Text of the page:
The convoy of U.S. armored vehicles headed east, Stars and Stripes flapping in the wind as it lumbered toward its apparent destination — the oil fields of Rumeilan, in Syria's far northeast.

There, pump jacks line both sides of the road, churning up and down. Smoke from small refineries rises into the sky and fires shoot from natural gas outlets. Electrical lines dot the landscape and tankers plod up and down the pothole-racked highway.

They're the tattered vestiges of Syria's long-crippled oil industry, which has become the latest justification for President Trump's on-again, off-again policy to keep a U.S. presence in the country's northeast.

"We want to bring our soldiers home. But we did leave soldiers because we're keeping the oil," said Trump on Friday, before adding, "I like oil. We're keeping the oil."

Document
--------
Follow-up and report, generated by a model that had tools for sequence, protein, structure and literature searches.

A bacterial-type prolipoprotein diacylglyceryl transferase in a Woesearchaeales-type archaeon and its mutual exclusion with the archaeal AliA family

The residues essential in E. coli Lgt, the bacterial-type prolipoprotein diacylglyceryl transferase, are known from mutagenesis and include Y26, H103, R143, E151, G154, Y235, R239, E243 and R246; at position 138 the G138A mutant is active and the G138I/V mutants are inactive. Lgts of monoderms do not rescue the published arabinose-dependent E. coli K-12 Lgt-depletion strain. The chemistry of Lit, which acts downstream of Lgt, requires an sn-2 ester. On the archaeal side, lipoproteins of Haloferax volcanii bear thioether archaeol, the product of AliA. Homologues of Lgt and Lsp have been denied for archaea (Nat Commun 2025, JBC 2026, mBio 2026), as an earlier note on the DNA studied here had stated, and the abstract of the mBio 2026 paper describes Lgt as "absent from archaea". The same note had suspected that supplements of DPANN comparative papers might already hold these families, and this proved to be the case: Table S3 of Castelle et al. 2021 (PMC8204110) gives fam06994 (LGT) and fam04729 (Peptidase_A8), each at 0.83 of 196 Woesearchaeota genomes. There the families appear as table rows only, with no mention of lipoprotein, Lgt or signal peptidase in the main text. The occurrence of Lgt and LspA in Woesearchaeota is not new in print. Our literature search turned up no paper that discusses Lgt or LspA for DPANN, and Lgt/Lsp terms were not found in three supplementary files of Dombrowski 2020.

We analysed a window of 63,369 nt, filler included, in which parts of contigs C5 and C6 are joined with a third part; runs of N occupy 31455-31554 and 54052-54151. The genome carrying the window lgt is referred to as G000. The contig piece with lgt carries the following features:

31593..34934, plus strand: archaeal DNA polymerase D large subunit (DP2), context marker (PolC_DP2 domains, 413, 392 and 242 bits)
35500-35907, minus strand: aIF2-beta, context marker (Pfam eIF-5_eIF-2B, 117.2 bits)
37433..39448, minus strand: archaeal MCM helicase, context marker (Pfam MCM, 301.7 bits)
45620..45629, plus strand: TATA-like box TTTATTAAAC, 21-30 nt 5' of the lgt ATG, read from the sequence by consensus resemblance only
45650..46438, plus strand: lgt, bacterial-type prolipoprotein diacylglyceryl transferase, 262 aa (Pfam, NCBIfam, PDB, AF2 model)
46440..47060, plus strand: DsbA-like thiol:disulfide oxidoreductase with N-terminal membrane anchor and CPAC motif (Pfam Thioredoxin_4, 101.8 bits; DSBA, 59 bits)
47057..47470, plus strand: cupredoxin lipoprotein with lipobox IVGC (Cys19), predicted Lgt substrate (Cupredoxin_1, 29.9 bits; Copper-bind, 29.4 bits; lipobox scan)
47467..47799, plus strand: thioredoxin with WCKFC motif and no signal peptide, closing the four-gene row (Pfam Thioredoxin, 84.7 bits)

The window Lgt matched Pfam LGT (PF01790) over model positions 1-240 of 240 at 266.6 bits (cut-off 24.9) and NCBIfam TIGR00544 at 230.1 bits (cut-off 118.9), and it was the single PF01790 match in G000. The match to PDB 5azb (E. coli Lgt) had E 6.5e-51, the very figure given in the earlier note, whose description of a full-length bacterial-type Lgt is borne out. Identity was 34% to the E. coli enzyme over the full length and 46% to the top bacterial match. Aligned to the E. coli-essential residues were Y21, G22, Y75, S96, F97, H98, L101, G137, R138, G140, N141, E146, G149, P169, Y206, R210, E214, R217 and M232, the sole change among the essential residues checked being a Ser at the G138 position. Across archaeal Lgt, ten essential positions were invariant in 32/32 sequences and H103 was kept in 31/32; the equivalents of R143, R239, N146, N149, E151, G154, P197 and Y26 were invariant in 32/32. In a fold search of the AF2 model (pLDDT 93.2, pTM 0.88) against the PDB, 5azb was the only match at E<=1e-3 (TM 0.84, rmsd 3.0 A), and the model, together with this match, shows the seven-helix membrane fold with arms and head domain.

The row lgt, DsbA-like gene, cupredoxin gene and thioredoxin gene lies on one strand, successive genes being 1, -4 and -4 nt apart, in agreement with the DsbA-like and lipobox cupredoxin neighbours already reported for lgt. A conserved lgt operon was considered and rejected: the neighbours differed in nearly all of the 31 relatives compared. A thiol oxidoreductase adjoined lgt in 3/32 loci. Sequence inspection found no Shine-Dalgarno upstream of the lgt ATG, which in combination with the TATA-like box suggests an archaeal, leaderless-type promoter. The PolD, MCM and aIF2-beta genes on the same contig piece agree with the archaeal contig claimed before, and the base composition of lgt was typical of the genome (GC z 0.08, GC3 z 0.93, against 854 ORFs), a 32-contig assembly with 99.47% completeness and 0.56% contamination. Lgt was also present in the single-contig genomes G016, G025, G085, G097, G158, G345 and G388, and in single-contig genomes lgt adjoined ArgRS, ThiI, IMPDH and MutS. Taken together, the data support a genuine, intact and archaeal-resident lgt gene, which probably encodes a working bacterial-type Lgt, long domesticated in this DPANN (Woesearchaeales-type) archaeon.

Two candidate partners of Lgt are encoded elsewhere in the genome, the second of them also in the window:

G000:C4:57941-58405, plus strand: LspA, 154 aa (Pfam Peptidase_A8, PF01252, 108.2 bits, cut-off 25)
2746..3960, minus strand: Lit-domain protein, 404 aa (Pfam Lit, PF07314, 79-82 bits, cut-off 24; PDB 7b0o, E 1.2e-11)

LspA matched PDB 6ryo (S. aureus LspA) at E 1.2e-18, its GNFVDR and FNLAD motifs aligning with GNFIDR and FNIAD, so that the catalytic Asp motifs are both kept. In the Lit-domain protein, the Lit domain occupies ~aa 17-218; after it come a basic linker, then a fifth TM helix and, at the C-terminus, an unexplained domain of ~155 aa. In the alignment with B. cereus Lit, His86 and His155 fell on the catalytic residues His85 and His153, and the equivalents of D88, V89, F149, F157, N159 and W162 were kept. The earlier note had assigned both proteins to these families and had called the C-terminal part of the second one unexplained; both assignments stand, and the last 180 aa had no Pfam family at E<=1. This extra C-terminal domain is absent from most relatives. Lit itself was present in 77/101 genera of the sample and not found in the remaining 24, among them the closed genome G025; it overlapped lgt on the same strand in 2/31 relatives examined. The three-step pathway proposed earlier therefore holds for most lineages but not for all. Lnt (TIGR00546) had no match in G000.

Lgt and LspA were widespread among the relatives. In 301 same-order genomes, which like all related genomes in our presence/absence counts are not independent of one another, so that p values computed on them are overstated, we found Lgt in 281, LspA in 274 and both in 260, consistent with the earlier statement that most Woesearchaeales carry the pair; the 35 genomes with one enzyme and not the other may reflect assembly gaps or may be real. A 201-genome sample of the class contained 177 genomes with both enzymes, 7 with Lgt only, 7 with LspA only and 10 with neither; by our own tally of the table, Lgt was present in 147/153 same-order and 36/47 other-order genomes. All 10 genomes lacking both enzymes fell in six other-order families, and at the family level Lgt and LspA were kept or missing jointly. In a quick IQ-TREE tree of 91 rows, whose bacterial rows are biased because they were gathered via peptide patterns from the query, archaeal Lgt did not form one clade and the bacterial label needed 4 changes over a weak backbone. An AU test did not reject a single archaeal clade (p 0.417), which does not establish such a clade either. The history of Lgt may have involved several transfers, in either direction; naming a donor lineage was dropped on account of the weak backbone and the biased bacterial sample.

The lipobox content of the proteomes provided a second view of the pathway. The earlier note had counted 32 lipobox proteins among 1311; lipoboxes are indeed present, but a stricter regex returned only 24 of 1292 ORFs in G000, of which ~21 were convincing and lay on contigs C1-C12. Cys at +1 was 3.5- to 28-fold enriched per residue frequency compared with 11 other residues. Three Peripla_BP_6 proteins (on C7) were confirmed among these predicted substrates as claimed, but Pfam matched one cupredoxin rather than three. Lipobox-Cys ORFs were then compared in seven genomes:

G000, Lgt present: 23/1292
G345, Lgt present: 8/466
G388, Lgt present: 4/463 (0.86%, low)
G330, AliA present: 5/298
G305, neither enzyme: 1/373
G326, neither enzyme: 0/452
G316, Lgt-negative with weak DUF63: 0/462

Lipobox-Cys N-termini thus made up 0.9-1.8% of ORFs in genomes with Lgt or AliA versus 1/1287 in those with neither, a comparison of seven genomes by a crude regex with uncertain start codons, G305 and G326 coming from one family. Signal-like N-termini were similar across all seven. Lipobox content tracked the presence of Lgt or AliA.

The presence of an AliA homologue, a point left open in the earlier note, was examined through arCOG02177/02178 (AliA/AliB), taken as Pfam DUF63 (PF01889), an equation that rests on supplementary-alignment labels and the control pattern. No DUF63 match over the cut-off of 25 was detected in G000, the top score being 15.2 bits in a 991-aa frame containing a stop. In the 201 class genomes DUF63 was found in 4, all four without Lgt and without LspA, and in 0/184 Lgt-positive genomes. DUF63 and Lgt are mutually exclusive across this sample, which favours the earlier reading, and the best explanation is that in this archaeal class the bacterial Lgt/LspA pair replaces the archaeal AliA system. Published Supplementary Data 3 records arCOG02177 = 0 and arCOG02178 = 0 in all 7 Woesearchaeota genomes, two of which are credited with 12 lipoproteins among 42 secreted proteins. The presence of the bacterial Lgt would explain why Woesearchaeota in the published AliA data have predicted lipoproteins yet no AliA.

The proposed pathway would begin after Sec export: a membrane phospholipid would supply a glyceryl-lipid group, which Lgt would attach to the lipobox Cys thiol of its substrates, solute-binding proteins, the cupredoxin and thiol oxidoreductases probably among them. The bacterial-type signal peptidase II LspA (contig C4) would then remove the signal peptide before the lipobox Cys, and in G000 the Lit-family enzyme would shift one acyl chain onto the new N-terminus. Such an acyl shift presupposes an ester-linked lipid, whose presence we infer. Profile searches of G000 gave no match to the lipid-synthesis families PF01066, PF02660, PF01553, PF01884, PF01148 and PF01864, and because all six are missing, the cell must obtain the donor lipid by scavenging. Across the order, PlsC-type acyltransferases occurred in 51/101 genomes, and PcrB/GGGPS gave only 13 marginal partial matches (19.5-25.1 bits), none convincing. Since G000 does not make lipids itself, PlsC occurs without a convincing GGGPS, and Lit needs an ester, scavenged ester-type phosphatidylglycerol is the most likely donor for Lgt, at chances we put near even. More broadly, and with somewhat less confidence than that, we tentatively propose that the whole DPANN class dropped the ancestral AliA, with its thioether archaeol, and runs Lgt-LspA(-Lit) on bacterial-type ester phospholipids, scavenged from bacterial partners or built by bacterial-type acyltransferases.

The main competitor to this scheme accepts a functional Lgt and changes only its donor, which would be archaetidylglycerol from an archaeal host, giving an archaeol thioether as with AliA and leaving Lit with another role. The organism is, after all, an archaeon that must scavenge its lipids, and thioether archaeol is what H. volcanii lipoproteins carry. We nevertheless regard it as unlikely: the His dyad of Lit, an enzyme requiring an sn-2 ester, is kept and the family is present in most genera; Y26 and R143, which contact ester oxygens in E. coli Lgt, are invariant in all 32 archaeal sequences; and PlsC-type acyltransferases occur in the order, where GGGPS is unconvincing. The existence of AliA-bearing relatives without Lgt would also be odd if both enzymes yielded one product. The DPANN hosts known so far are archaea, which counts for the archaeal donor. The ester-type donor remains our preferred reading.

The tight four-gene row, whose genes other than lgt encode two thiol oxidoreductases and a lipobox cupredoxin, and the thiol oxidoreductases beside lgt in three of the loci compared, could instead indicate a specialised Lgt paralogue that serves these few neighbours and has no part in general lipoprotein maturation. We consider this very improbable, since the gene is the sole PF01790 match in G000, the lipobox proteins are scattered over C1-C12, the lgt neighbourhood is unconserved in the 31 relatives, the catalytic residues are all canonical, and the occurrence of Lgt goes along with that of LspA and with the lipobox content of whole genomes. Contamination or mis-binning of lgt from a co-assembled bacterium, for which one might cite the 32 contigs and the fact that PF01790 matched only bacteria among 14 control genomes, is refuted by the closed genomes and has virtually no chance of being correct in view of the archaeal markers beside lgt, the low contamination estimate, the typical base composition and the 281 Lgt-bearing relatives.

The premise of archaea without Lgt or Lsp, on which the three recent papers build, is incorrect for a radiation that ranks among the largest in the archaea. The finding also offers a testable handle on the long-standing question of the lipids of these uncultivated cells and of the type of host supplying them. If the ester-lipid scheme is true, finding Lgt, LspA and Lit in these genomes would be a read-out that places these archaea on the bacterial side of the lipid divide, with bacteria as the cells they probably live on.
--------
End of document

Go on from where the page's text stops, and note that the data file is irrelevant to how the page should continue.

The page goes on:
The problem is, there isn't much oil to keep.

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Staff Sgt. John Eller conducts pre-flights check on his C-17 Globemaster III Jan. 3 prior to taking off from Hickam Air Force Base, Hawaii for a local area training mission. Sgt. Eller is a loadmaster from the 535th Airlift Squadron. (U.S. Air Force photo/Tech. Sgt. Shane A. Cuomo)

CUCUTA, Colombia — The Trump administration ratcheted up pressure Saturday on beleaguered Venezuelan President Nicolas Maduro, dispatching U.S. military planes filled with humanitarian aid to this city on the Venezuelan border.

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